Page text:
have Michaels music all cued up, to the agents who were surrounding the ring
knowing the possibility of something unpredictable happening.
When Hart got back to his hotel
room in a total daze he was furious at McMahon because he knew he was screaming
at the timekeeper to ring the bell but almost recognizing it as a reality of the
business that he should have known better than anyone. But when he had a tape of
the finish played to him he clearly heard that it was Hebner's voice screaming
"ring the bell" and at that point was personally crushed.
Phone lines were ringing off
the hook around wrestling land that night. People closest to the inside of the
business were thinking double-cross, although the big question was whether
Michaels, since he looked so pissed at the finish, was in on it. Some more
skeptical types, remembering Brian Pillman and Kevin Sullivan, thought it
because of the prominence of the match and the interest, that it had to be a
very well acted work. Virtually all the wrestlers backstage thought it was a
double-cross, but a few not wanting to be marks were weary of fully committing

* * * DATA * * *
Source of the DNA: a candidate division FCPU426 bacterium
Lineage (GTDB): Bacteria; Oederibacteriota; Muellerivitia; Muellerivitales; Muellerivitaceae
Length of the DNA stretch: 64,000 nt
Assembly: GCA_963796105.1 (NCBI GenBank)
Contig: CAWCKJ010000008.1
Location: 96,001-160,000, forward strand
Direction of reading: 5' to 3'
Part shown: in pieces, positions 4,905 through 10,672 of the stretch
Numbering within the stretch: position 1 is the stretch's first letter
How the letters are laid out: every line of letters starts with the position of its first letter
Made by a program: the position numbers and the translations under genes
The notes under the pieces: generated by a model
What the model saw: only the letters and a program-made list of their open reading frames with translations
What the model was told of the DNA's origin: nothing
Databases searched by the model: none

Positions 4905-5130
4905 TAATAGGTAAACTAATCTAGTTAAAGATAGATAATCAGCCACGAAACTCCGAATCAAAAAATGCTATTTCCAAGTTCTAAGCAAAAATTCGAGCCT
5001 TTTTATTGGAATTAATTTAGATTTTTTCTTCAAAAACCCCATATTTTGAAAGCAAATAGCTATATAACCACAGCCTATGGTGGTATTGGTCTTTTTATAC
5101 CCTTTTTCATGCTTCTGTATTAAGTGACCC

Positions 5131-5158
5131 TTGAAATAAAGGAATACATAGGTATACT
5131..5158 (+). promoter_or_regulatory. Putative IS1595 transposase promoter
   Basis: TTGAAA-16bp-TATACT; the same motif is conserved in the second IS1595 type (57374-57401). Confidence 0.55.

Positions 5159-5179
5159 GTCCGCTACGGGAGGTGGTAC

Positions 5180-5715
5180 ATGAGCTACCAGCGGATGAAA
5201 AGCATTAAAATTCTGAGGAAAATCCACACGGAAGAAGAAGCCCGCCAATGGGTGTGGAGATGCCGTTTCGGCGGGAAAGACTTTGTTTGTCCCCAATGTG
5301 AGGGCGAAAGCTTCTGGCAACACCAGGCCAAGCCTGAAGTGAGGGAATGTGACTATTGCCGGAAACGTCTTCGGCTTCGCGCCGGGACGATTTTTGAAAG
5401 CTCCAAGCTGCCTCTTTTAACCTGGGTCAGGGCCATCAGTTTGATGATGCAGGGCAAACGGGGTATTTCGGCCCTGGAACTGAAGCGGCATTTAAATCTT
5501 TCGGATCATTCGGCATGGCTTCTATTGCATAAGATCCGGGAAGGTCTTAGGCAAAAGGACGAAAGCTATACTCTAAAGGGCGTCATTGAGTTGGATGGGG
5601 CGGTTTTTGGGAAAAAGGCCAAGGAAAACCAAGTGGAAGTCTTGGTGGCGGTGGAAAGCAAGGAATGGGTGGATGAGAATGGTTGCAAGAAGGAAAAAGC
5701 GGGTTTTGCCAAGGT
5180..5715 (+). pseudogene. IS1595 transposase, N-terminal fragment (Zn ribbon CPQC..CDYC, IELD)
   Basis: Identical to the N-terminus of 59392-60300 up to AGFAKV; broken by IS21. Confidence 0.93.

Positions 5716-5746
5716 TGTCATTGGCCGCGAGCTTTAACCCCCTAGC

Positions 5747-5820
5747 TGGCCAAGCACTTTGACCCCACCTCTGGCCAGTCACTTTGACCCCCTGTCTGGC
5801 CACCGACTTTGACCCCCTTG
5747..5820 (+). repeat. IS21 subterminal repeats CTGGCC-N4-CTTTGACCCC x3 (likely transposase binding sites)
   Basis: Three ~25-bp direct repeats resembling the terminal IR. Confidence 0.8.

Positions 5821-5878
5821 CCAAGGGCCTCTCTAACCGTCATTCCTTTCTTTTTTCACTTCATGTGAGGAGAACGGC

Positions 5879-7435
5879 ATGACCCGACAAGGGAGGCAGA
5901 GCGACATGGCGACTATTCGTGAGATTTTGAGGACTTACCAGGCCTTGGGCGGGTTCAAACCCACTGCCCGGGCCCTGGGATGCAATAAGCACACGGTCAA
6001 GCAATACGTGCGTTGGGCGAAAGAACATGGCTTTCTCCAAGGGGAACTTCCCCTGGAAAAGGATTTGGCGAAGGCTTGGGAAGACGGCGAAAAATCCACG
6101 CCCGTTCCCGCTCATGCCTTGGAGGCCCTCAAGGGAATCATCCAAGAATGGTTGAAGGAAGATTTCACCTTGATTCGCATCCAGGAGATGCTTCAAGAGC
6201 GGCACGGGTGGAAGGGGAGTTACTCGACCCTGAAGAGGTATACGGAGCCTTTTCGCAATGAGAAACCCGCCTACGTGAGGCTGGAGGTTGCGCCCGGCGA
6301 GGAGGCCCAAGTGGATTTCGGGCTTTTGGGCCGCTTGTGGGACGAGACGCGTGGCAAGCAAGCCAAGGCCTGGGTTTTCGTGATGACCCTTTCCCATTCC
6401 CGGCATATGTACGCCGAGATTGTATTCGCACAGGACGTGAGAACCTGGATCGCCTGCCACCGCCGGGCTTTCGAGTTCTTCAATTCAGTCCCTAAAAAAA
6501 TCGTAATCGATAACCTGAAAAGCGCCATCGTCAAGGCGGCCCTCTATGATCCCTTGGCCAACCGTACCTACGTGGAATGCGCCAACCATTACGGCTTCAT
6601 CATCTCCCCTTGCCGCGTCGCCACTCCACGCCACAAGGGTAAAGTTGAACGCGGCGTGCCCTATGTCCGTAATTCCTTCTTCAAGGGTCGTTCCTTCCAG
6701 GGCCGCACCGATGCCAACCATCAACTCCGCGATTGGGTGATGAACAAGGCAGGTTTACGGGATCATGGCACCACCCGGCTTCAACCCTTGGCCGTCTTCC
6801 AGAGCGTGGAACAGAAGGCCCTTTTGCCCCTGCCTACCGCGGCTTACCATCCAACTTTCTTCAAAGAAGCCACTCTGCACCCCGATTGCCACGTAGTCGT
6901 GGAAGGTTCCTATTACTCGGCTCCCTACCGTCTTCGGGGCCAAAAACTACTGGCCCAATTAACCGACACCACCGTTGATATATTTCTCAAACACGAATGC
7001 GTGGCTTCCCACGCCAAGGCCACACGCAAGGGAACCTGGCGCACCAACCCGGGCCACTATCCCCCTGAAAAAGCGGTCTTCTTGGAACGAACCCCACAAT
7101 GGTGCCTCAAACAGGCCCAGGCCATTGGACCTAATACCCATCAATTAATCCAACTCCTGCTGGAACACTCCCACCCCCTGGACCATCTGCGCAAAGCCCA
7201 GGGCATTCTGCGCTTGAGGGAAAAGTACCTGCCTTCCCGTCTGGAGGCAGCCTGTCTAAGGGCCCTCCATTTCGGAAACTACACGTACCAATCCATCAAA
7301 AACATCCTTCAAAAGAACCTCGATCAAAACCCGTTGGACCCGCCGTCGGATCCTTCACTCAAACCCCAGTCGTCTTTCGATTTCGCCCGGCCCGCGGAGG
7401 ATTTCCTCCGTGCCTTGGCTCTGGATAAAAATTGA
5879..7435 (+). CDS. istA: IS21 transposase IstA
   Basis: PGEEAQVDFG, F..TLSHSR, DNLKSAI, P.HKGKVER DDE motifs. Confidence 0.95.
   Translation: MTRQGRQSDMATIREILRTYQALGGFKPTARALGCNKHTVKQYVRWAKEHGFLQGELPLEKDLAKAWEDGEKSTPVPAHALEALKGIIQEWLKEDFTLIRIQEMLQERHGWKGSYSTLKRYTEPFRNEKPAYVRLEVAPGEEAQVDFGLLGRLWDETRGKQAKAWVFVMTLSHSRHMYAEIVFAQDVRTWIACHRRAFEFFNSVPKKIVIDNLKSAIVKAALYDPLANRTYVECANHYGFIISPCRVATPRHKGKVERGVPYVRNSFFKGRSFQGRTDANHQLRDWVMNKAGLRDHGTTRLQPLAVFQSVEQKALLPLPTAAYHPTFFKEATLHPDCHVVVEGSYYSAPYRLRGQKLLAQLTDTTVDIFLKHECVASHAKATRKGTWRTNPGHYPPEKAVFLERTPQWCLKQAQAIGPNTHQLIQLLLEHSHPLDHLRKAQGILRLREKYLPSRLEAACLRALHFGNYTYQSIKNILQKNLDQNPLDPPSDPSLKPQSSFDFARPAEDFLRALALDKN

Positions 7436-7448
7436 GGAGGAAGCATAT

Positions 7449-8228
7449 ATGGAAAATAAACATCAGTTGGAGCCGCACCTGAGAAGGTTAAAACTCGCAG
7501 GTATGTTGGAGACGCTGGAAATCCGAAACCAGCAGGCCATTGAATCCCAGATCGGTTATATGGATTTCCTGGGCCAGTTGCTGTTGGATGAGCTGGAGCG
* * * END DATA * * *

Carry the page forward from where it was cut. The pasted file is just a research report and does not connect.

to the idea. Some people who were close to the inside thought it was the
greatest worked finish in the history of wrestling because it got everyone
talking. But by the morning the true story had become obvious.
- When the wrestlers fully realized what had happened, Hart turned into almost a
cult hero and McMahon's image took an incredible tumble. Hart himself remarked
that while he had his problems with McMahon in the late 80's that when Phil
Mushnick wrote all those scathing articles about him during the 90's, he
defended McMahon even though he deep down knew most of what was written about
him to be true.
According to two WWF (WWE)
wrestlers roughly 95% of the wrestlers in the company were planning on
boycotting the Raw taping that night over what happened. But as the day went on
the talk simmered down, Hart told those who asked him that since they had
children and mortgages that they shouldn't risk breaching their contract and
should go. However Owen Hart, Smith, Neidhart and Mick Foley were so upset that
all flew home, missing the tapings both this night and also in Cornwall Ont. the
next night. Many were saying they could no longer work for someone who would do
something like that.